My overall experience
The element of using a menstrual cup I’m most impressed with is how incredibly comfortable it is. You have no idea you’re even on your period. In comparison to tampons and pads, it really is a game-changer. I’ve worn it during the most hardcore of HIIT workouts and long-distance runs and experienced, well, absolutely nothing…it gave me no grief at all! I have found menstrual cups to feel a lot more hygienic to using tampons or pads too, the whole experience feels way cleaner and requires a lot less maintenance as you only need to change the menstrual cup every 12 hours. The main reason I was so determined to give menstrual cups ago in the first place was because of the environmental benefit. Many tampons and pads on the market are non-biodegradable, contributing heavily to landfills as they are a single-use product. Not only that but menstrual cups are much better for your body. Something I was not aware of before dabbling with the idea of a menstrual cup was toxic shock syndrome (TSS), a potentially fatal bacterial infection caused by the materials found in tampons. I was quite terrified learning about TSS, being a long-term tampon user. I couldn’t believe I was so in the dark about such a widely used product that I assumed was perfectly safe to use. After consuming all this information I was definitely surprised that menstrual cups weren’t more commonly used or at least a widely recommended and available (although I think that is slowly changing). Now a true menstrual cup convert, I will never go back to using tampons or pads. Due to the numerous benefits I’ve listed, I genuinely way prefer using my menstrual cup and can’t believe I didn’t discover them sooner. If you’re on the fence about it, I would strongly recommend giving it a try. It takes a little getting used to at the beginning but once you’ve got the hang of it, you won’t look back.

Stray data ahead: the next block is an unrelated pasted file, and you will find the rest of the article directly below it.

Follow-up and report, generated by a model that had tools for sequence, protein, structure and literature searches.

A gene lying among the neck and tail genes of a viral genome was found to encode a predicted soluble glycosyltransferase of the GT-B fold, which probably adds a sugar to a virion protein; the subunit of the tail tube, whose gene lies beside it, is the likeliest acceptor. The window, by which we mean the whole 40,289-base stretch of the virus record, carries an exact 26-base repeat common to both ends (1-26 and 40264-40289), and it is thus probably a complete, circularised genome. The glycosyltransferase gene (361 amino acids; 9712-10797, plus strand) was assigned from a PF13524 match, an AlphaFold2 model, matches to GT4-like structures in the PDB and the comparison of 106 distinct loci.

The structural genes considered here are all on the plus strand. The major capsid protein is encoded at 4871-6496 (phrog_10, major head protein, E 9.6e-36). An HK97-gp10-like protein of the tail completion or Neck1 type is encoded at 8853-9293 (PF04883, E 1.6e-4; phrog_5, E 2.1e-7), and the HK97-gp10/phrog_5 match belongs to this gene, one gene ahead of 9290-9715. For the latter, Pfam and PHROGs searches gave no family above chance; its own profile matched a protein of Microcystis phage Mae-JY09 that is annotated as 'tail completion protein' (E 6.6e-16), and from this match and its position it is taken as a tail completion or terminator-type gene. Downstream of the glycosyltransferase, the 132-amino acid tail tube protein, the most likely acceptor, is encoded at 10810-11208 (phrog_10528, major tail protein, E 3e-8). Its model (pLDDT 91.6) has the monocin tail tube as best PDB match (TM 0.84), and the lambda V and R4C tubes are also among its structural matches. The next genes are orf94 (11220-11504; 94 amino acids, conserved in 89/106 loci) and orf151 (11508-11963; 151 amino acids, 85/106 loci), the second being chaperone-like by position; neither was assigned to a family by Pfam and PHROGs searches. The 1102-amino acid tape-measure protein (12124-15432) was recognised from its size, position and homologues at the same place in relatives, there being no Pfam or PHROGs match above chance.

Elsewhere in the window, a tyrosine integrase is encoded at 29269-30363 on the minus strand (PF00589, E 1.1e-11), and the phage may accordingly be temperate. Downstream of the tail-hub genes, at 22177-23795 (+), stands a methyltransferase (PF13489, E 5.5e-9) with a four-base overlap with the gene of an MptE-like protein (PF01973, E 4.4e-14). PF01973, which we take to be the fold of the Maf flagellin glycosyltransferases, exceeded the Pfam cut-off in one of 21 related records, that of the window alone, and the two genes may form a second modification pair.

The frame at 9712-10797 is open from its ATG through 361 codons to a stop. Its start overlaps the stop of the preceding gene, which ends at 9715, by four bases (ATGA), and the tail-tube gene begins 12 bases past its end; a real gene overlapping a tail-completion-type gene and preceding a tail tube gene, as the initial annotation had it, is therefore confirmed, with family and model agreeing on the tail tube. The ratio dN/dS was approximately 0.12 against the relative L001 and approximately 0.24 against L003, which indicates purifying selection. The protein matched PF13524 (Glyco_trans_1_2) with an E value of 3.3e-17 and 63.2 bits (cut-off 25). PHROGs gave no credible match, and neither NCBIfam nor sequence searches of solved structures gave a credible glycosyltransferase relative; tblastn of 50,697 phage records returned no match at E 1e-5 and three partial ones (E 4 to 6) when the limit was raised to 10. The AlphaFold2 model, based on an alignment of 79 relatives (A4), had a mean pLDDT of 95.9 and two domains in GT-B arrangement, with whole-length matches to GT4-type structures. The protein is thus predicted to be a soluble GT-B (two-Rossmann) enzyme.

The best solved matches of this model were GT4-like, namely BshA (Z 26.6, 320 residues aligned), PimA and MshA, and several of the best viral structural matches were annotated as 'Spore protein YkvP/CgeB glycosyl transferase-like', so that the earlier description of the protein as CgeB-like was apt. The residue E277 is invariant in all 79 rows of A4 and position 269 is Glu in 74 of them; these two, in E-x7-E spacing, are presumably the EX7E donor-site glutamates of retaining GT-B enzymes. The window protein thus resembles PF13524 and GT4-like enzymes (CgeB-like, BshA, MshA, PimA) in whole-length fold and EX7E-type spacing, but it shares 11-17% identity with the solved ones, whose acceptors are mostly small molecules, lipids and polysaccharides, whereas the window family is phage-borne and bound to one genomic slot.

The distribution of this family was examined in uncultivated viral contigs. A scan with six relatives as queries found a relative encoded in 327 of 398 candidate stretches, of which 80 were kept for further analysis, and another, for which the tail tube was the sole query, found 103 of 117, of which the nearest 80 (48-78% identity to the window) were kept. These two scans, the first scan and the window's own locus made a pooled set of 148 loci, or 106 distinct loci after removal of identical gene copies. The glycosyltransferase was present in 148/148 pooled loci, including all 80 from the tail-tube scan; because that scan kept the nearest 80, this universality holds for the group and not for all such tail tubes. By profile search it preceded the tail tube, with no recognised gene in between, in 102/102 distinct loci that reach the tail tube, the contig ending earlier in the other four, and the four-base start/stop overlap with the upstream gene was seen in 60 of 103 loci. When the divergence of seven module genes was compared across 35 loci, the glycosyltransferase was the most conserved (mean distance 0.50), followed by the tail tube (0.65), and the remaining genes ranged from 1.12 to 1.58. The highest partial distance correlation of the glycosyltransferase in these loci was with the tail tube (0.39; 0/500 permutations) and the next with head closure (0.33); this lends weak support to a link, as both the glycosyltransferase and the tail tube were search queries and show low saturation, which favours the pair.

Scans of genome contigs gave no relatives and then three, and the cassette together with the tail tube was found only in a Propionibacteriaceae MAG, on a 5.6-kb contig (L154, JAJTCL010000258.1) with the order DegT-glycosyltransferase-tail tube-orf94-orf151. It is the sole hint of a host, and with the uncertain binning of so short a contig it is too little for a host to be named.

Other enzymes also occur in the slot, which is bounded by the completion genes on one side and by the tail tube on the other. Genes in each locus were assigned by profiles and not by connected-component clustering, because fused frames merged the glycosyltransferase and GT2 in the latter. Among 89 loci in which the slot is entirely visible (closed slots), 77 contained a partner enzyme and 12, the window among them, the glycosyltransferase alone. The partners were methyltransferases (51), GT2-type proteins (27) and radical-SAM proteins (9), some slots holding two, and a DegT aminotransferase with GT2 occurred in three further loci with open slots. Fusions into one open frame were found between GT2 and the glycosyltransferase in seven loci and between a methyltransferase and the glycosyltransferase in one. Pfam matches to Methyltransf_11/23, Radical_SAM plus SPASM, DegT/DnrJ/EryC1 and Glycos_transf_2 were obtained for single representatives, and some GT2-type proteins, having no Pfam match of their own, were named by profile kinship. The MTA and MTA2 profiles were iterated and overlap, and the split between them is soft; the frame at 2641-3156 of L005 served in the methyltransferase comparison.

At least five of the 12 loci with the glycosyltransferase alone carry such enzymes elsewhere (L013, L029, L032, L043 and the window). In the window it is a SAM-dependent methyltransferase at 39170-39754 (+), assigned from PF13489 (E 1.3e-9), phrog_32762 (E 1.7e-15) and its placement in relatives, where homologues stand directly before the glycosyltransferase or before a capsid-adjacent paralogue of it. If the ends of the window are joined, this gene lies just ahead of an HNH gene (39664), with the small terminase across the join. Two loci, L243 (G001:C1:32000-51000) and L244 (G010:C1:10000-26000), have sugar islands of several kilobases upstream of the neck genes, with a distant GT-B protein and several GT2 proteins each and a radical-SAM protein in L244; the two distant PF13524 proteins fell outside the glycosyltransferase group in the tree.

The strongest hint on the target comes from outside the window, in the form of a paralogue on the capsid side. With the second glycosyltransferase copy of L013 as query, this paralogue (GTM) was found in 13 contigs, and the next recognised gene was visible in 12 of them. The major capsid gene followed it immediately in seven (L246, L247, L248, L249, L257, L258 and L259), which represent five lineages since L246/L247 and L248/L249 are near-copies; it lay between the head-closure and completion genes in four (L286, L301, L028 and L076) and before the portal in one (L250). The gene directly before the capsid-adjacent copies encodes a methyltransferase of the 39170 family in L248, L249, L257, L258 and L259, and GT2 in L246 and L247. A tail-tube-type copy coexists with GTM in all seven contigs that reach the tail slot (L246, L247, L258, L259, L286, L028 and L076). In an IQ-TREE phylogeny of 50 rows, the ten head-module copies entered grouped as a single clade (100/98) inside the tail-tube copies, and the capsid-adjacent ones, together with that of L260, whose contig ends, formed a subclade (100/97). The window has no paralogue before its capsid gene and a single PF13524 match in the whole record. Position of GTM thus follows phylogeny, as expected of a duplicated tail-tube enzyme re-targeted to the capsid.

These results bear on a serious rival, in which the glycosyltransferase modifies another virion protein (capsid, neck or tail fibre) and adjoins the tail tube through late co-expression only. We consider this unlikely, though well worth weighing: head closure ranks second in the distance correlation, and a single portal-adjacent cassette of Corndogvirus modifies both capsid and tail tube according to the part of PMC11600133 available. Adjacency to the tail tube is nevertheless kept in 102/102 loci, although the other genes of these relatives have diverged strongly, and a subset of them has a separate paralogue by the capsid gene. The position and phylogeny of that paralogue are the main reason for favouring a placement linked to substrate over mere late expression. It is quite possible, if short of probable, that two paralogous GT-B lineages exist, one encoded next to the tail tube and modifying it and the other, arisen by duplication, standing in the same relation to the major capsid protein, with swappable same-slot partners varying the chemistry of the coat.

words by Isabelle Shury